We’ve been getting tetanus shots since we were kids.
Now it’s just sort of a reflex that every time we go to the Emergency Room or to our personal physician, we’re asked whether or not our tetanus status is up to date.
What’s the big deal anyway? No one’s ever died of tetanus. Have they?
Tetanus is a disease caused by the extremely potent toxin of the prevalent spore forming bacterium Clostridium tetani that is found in high concentrations in soil and animal excrement.
It’s been around for thousands of years and causes significant problems worldwide.
Worldwide, tetanus caused approximately 356,000 deaths in 1990. With aggressive immunization programs, that number fell to 59,000 deaths in 2013.
Here in the United States, because of our immunization program, we only see approximately 30 cases per year – all in the unimmunized or in those who’ve allowed their immunization status to lapse.
Clostridium tetani enters the body through a break in the skin and symptoms usually begin within 3 to 21 days from initial exposure.
The classic symptoms are severe muscle spasms that start in the jaw (that’s why it’s called “Lock-jaw”) and then spread to the rest of the body.
The spasms last several minutes each time and the symptoms persist for 3 or 4 weeks. They can be so severe and sustained that they actually break bones and cause severe arching of the back.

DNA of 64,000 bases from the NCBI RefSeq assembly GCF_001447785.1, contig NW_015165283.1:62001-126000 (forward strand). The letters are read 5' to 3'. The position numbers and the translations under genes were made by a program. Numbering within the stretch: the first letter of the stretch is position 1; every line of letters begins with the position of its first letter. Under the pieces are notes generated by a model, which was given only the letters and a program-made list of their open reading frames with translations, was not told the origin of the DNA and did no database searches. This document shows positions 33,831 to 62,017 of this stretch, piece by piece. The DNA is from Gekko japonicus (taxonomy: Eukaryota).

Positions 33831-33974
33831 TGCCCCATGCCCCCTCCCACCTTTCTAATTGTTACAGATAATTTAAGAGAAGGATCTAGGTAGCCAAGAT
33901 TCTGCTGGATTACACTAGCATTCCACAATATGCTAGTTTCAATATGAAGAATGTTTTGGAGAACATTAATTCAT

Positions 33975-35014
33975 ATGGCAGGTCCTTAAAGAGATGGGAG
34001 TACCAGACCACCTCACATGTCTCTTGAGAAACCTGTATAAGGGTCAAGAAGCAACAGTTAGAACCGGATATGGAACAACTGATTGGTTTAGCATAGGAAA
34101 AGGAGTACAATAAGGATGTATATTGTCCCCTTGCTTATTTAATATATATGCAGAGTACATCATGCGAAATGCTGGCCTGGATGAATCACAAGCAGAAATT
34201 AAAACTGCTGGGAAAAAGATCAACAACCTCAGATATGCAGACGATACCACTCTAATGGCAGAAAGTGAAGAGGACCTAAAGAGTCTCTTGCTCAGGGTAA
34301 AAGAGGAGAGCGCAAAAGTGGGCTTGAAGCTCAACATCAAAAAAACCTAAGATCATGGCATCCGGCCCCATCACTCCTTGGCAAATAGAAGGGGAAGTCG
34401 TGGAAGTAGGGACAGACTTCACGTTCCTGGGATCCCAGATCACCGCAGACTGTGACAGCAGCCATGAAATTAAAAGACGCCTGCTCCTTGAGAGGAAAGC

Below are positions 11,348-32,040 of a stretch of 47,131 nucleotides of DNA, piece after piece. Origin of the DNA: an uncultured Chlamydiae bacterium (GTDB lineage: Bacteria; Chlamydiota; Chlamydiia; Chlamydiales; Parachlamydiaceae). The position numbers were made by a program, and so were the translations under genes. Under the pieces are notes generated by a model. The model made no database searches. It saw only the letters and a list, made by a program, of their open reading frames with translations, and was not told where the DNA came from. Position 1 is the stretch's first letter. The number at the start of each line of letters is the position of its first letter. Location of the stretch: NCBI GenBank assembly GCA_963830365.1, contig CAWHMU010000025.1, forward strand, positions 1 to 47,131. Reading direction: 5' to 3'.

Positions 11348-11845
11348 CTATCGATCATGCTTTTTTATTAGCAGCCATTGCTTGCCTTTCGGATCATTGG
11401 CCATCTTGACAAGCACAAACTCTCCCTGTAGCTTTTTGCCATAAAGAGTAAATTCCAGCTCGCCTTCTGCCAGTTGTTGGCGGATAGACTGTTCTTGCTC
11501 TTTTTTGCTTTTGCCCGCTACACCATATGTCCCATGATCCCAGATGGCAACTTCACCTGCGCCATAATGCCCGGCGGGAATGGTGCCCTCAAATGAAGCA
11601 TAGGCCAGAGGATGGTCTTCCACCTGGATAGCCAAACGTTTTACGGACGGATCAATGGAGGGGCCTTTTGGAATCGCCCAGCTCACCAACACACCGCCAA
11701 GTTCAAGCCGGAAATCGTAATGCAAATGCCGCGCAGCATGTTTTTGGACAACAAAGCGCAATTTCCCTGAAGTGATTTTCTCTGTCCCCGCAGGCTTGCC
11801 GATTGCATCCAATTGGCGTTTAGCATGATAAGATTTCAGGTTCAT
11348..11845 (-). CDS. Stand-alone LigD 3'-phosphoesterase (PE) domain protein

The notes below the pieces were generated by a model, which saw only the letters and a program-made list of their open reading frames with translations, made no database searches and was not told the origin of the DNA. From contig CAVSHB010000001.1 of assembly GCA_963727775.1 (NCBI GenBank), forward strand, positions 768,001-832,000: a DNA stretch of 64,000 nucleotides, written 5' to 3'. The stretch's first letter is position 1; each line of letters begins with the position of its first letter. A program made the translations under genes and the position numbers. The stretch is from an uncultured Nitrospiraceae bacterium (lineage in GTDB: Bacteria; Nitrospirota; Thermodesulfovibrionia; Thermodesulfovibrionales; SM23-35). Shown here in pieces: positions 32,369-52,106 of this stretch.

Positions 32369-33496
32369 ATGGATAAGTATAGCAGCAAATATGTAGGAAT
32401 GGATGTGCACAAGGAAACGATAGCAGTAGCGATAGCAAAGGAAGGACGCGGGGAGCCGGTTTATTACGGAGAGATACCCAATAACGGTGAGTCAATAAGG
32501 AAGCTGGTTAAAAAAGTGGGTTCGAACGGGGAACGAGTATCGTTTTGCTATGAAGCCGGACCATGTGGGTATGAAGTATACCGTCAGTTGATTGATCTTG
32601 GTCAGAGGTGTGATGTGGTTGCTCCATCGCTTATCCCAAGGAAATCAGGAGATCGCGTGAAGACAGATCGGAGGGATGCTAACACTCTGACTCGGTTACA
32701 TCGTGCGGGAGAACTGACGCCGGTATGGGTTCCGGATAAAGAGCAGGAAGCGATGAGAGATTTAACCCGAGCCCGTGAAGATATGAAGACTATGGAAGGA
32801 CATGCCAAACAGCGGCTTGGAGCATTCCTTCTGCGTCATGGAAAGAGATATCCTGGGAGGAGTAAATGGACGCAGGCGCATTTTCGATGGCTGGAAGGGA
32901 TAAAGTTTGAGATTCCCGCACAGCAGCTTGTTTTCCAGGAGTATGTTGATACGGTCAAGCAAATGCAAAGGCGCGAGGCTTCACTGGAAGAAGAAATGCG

Other symptoms may include fever, drooling, intense sweating, difficulty swallowing, breathing problems, uncontrolled urination, heart attacks, and irregular heartbeat.
It may take months to fully recover from tetanus because the tetanus toxin irreversibly bonds to nerve endings then requiring new nerves to grow. About 10% of cases prove to be fatal.
The only way to prevent getting tetanus, other than never being exposed to the bacterium, is to make sure that you are immunized. The recommended adult vaccination in the United States is either the Td or the Tdap vaccine that includes tetanus toxoid as well as diphtheria and acellular pertussis protection.
It is recommended that you have a booster every 10 years unless you have a dirty or contaminated wound, then that recommendation falls to 5 years.
If you’ve forgotten when your last tetanus booster was, err on the side of caution and get one. It’s not going to hurt you to be “overimmunized”.
If you have an injury and are unsure of when your last tetanus booster was, you may be given tetanus immunoglobulin, or tetanus antibodies as well.
Remember, the booster you get today, isn’t effective and doesn’t provide protection until your body mounts an immune response to it by building antibodies.
We say that usually takes 10 days to 3 weeks to be safe.
So, what do you do if you step on a nail, cut yourself on a barbed wire fence, get a splinter from walking barefoot in a field, or get bitten by a dog?
Encourage a bit of bleeding to flush out the wound, rinse your wound under copious amounts of running water while using a mild antibacterial soap, and if you haven’t had a tetanus booster in the past 5 to 10 years, get one.
Tetanus is a bad disease to get – especially because it is so very preventable. A little preparation on the front end can save you from literally months of agony.